My latest distractions

People look at me funny when I tell them this, but I’ve always had this strange, irrational desire to play a game where I got to pilot a properly huge capital ship.  Something like a Star Destroyer from the Star Wars universe;  something that takes a good three to five minutes to turn around.  And I don’t want to turn the ship by clicking on a UI element that instructs an auto-pilot to turn the ship around, and then perhaps speed up time to make the auto-pilot complete the manoeuvre faster;  no, I want to be able to have direct joystick control to the ship’s thrusters.

I occasionally think about making such a game myself, some day.  But it seems like a lot of effort to go to for an experience that nobody but myself would likely be interested in.  Or rather, anyone who might be interested in such a thing is probably playing Eve Online.

Instead, I’ve been playing around with Independence War a bit, which is a game from way back in 1997, and which was kind of halfway to what had been in my head.  Of course, it isn’t pretty by modern standards (or even by its contemporary standards).  And it’s not accessible at all — it positively requires reading the manual to figure out what’s going on, and the difficulty curve is all over the map (I was stuck on the first combat tutorial level for the better part of a week, for example, because the training opponent kept absolutely steam-rolling me).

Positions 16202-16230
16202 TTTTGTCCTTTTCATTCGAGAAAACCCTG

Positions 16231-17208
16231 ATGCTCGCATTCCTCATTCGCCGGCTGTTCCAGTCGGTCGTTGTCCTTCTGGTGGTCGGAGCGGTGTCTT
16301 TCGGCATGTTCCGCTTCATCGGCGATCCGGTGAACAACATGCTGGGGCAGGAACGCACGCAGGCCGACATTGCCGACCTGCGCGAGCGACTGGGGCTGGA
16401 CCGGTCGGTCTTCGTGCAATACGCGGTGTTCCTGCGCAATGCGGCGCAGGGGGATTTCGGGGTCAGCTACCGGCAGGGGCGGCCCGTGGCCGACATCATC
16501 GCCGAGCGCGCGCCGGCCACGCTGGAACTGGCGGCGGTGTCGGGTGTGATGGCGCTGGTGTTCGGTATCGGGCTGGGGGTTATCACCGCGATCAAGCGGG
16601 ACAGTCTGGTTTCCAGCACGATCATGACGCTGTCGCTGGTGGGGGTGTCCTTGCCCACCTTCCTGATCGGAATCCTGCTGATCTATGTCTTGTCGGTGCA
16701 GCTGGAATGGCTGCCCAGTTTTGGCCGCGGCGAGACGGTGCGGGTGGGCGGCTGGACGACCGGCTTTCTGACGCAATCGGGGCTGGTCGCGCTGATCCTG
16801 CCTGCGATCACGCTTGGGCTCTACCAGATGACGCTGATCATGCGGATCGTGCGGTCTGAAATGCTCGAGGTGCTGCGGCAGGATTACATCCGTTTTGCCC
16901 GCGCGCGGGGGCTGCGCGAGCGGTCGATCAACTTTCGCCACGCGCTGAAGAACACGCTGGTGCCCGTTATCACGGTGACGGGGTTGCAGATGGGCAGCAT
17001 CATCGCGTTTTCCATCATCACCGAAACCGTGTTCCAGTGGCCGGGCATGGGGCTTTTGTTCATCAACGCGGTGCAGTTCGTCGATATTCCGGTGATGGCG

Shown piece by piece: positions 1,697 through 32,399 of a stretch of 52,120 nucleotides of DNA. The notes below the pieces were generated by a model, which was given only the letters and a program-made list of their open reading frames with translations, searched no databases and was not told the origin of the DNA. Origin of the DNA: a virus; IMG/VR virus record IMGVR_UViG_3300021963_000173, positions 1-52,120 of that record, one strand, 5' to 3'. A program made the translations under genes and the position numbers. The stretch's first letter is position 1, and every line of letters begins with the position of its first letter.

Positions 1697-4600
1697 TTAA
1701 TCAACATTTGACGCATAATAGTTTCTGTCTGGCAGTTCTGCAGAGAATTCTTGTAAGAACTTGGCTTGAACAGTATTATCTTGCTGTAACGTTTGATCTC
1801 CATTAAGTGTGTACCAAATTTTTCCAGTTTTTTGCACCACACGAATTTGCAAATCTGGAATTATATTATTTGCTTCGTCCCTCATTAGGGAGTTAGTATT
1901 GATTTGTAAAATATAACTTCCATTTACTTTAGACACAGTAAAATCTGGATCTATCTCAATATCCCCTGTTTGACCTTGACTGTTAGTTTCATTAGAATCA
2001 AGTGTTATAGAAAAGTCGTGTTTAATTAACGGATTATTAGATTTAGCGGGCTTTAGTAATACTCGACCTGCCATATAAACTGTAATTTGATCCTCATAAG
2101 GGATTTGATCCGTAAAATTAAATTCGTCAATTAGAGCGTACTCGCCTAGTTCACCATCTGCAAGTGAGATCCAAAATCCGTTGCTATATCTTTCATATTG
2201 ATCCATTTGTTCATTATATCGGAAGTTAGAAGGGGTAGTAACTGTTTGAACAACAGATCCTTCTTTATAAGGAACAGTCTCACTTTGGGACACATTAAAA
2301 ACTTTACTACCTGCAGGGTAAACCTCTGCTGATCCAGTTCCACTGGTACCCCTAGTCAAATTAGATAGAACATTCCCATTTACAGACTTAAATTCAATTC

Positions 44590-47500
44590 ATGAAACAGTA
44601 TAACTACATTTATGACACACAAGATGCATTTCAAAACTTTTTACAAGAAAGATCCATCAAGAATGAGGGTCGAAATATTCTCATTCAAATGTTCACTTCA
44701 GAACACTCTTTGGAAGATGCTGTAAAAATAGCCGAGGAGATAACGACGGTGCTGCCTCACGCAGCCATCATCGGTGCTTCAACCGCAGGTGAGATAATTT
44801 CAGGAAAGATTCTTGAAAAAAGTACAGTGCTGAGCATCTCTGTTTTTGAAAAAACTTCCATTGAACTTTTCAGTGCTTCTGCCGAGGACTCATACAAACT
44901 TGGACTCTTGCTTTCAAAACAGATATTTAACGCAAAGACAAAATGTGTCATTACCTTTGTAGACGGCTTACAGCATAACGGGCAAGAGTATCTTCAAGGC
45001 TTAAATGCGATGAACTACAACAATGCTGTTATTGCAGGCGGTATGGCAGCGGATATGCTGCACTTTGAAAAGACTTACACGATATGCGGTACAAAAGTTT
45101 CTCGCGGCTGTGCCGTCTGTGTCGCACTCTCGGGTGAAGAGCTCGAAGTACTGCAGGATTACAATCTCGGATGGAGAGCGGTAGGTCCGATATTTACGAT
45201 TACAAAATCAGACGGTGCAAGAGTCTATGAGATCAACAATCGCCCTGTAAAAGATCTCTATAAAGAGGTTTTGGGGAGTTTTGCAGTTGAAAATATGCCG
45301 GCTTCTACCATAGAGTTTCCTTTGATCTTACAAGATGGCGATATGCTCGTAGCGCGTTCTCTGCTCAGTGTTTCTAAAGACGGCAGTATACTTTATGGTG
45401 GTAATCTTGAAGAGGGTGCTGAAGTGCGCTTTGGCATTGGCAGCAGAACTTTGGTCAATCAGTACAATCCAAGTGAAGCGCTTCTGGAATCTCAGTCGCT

I-War is pretty squarely focused on combat, rather than on exploration or.. well.. anything else at all.  but its deep simulation of a large starship, its component systems, and the mechanics of piloting it in a frictionless, zero-gravity environment are intriguing, and I keep wondering whether something more interesting than “…and they fight!” could be done with such a system.

I realise that this probably dates me horribly, but I’ve always felt that games such as Elite were made a lot stronger and more compelling by forcing the player to learn non-combat skills, such as learning to dock their spacecraft manually, learning to trade goods on their economic markets, figuring out how to navigate from place to place, and so on.  These extra things to do just made the world larger and richer than the exclusively-combat-focused games which followed.